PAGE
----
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Signs of Hypochondria

min read

By Katherine George

Medically Reviewed by Greg Dorter, RP

Hypochondriacs suffer from a type of mental illness known as hypochondriasis (or hypochondria), which is now classified by the Diagnostic and Statistical Manual of Mental Disorders (DSM-5) as either Somatic Symptoms Disorder or Illness Anxiety Disorder (IAD). This chronic anxiety-related disorder is mental and not physical, and it often presents similarly to obsessive-compulsive disorder.

According to research from the University of Maryland’s Medical Center, roughly 80-percent of hypochondriacs also suffer from anxiety, depression, or another mental disorder. Hypochondria causes intense fear of illness—even though there’s no evidence of an actual physical condition (i.e., via doctors visits, medical exams, and tests).

The following hypochondria symptoms can cause extreme anxiety and paranoia, and are typically out of the patients’ control…

Convinced of Ill Health

Hypochondriacs have the tendency to believe they have a condition, illness, or disease after reading about it in the paper or online, and/or after hearing someone else talking about having a condition, even if they don’t show any primary symptoms of a condition. They can become so convinced of ill health that their anxiety persists even after the doctor hands off a clean bill of health.

Booking Frequent Medical Appointments

Hypochondriacs make frequent medical appointments or seek out doctors repeatedly to ask for voluntary medical tests –for instance x-rays, echocardiograms, or magnetic resonance imaging (MRIs). This can become a financial burden because they are constantly paying for their reassurance at the price of extra and unnecessary tests and x-rays.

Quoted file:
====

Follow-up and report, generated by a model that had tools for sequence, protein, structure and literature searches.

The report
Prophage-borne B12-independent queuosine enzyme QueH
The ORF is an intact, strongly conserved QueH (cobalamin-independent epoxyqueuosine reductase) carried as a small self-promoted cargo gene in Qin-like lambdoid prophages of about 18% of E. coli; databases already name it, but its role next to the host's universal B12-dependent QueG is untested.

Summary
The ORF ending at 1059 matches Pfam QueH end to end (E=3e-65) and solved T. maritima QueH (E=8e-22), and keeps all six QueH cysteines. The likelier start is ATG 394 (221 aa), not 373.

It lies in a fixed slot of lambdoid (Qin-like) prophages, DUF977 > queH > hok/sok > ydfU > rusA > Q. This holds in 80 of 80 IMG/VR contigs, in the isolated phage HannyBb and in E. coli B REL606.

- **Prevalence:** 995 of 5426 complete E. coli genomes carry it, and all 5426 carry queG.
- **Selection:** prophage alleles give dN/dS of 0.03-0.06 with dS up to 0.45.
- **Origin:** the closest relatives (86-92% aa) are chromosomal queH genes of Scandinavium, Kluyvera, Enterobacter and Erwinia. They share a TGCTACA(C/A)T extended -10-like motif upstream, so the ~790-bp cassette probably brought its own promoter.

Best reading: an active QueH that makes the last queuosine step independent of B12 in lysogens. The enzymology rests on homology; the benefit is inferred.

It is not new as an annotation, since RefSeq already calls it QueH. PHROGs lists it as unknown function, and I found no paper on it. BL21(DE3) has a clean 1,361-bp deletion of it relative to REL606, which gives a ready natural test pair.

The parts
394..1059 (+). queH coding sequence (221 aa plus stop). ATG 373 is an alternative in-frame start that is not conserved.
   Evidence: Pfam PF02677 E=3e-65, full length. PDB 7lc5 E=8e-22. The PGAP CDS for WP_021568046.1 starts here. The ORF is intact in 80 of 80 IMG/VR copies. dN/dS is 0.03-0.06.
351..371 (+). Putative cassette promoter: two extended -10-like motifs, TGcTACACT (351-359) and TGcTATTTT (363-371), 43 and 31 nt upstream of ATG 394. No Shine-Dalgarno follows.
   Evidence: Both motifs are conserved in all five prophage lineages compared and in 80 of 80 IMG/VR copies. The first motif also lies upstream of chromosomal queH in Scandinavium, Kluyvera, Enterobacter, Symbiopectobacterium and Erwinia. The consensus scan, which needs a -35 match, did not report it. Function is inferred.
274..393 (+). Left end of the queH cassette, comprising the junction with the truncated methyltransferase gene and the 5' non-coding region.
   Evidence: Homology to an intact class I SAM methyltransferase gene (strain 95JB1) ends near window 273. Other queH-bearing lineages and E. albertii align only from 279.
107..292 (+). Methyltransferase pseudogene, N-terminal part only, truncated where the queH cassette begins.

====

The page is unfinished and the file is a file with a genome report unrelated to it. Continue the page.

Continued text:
Constantly Searching for a Second Opinion

The University of Maryland Medical Center notes that a hypochondriac is someone who cannot shake the idea of being sick even after reassurance from their health care provider. The Mayo Clinic backs this claim up by writing that a hypochondriac, “[finds] little or no reassurance from doctor visits or negative test results.”

To make matters worse, WebMD says they will search until they find a doctor who gives them the answer they want to hear. If a person is actually knowingly suffering from an illness like cancer, then it doesn’t hurt to get a second opinion, but if there is no given proof of any ill health and a patient is seeking multiple opinions, they are likely suffering from hypochondria. So how do they justify constantly switching doctors? They are usually convinced that their physician missed something, or because they want more tests and scans done that their primary physician will not offer.

Constantly Researching Health